From Dome to O2: how to rebrand a big top

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The Independent Online

As rebranding exercises go, it is a bold effort.

With all references to the D-word deleted by corporate image-makers, the nation's most infamous tent is attempting a renaissance. Thanks to a £6m-a-year deal, "The O2" - formerly known as the Millennium Dome - will re-open in July next year after more than five years in mothballs.

The billionaire developer Philip Anschutz, America's foremost indoor arena guru and owner of Los Angeles' superlative Staples Centre, aims to prove that £600m of investment and private-sector expertise honed in the world's entertainment capital can finally make it a success.

Conceived under John Major's Conservative government, the Dome project grew in scale and cost under New Labour. The exhibition it housed, criticised for lacking in content and pandering to political correctness, consisted of 14 themed zones. It closed in 2000 after just one year - and at a cost of £789m.

The Dome became an object of derision not only because it quickly assumed the role of white elephant, but also because it was dogged by practical problems such as long queues, ticketing problems, poor acoustics and transport. But all that, insists Mr Anschutz's company, AEG, is a thing of the past.

"We want to completely rebrand the place. It's a great iconic building and it is recognised across the world - but there's little that remains from before. Everything has been cleared and started afresh - it's now a permanent entertainment building," said David Campbell, head of the European arm of AEG.

Since the venue changed hands in 2001, the Dome has been gutted and all that remains is the greying canopy, at 365 metres in diameter. In the past month a second ceiling, built on the ground and then raised to the roof, has created a 23,000-capacity music arena.

The venue aims to plug a perceived gap in the market for medium-sized music venues in the capital. A line-up of up to five acts for the second half of next year will be announced soon. AEG says it has bucked the British trend of making music venues out of sporting arenas and claims the acoustics, designed by the operations manager of the band U2, will prove that.

AEG says the space will be able to morph within a couple of hours from the scene of a Metallica concert into a sports field. The arena will host the 2009 world gymnastics championships and will be leased for August 2012 to the organisers of the London Olympics for the gymnastics and basketball events. If the mobile phone company O2 still holds the naming rights to the arena, it will not be able to use its company title for the duration of the Olympics, because the Games' officials insist on "clean" venues.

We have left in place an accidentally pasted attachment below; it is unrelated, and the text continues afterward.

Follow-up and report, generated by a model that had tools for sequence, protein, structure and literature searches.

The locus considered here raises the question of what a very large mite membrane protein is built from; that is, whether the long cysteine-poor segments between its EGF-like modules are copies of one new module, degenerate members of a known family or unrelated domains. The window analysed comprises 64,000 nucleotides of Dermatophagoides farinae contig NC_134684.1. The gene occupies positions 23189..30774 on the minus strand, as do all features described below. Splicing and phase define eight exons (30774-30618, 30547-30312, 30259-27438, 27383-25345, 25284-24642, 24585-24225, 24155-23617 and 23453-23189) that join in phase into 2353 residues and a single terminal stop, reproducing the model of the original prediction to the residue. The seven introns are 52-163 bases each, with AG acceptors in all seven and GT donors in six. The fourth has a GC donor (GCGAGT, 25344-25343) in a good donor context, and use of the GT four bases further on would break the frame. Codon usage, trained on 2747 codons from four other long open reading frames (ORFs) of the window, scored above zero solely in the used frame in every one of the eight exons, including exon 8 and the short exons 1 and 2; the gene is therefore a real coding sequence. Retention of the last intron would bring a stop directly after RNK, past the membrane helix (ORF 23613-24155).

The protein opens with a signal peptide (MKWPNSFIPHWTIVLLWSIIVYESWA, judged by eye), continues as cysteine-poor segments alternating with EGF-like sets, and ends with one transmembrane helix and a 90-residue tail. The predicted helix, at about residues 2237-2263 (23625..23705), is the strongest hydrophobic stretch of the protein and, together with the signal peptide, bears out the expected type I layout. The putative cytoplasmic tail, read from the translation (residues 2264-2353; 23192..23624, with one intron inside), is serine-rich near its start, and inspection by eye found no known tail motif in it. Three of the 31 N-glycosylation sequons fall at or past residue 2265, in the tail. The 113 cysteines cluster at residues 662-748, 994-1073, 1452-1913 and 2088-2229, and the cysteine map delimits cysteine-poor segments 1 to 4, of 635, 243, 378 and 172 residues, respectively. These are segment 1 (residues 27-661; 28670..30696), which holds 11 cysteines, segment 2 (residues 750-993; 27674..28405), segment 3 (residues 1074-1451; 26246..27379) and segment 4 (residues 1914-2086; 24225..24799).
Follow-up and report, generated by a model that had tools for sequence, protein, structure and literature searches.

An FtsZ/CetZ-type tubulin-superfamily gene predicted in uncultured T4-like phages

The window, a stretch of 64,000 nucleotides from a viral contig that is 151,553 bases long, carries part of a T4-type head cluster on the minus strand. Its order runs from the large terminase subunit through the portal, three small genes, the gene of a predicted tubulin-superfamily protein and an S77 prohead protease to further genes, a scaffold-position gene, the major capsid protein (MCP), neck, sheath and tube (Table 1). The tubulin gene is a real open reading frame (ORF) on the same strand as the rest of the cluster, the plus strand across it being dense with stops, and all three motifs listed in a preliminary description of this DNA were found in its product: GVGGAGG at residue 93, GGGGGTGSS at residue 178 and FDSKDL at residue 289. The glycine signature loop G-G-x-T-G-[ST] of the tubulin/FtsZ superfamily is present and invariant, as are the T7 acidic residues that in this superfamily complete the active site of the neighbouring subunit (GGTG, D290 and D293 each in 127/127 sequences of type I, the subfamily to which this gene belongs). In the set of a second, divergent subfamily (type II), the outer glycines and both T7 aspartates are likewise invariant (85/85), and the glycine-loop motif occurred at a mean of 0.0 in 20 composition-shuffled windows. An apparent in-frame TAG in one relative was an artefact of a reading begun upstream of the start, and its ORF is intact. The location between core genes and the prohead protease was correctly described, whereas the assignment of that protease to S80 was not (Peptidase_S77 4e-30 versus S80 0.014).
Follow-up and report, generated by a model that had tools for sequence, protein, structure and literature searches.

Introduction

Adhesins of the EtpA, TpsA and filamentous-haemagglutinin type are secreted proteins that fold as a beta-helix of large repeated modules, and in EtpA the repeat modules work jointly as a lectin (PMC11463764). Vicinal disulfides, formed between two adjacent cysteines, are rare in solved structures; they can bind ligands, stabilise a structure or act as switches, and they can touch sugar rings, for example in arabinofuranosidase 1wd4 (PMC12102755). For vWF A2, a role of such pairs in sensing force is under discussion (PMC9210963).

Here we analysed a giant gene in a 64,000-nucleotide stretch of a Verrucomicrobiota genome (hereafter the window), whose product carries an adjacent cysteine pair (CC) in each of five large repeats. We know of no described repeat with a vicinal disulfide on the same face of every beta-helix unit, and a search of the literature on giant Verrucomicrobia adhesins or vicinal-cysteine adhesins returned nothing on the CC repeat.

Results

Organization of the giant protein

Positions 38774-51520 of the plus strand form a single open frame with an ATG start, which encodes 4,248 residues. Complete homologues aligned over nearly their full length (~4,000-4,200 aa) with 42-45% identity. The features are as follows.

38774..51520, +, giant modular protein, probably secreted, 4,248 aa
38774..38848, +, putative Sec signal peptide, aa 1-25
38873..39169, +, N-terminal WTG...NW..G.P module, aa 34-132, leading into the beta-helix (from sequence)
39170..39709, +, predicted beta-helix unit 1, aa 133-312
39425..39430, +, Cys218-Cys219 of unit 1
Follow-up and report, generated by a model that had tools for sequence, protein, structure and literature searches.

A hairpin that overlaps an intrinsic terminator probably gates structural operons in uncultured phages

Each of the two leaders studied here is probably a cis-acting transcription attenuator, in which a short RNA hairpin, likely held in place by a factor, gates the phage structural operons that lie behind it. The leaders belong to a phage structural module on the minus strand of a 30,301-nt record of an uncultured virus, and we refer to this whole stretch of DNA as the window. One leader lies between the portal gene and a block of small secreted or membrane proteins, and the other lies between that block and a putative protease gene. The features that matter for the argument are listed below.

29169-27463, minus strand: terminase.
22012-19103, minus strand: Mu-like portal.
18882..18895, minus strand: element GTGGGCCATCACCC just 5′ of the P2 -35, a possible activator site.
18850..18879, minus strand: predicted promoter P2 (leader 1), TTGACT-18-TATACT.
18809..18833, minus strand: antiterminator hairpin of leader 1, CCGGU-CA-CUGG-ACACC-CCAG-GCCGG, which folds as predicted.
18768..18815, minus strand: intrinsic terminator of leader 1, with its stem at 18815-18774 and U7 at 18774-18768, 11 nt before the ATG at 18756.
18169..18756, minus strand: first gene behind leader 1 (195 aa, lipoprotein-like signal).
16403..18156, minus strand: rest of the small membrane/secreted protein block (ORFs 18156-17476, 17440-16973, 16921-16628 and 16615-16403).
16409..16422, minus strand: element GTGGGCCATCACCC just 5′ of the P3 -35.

Apart from the music venue, which accounts for 40 per cent of the space, the remainder will be typical of an AEG leisure complex. There will be a 32-storey hotel designed by the Dome's original architect, Richard Rogers, and a multiplex cinema. A supercasino can expect a licence and an exhibition "bubble" will play host to a Tutankhamun show when it crosses the Atlantic next year. The British Phonographic Institute will also install a permanent Hall of Fame of contemporary British music.

Mr Campbell, a former business partner of the media entrepreneur Chris Evans, insists he has not underestimated the stigma attached to the Dome. "We are not embarrassed. It was nothing to do with me. Quite a lot of good things came out of it - they got six-and-a-half million visitors, which we know was short of estimates but it was still the biggest tourist attraction in the UK. I don't see it as a brave move to take on the site," he said.

Millennium hits and misses


This "celebration" of music, which trumpeted local talents such as Jarvis Cocker, Joe Cocker and the Human League, closed in 2000. It received a £15m Lottery grant, but poor reviews meant an expected 400,000 visitors a year proved wildly optimistic.


The environmental complex near St Austell in Cornwall quickly became one of the most popular visitor attractions in the UK. It includes two transparent domes that house plants from around the world. The project was funded with a £43m Lottery grant from the Millennium Commission.


Britain's national museum of modern art, which includes works by Tracey Emin and Damien Hirst, is housed in the Bankside power station on the Thames. The giant Turbine Hall also hosts specially commissioned work. Built with £50m of Lottery money, it has proved a major attraction.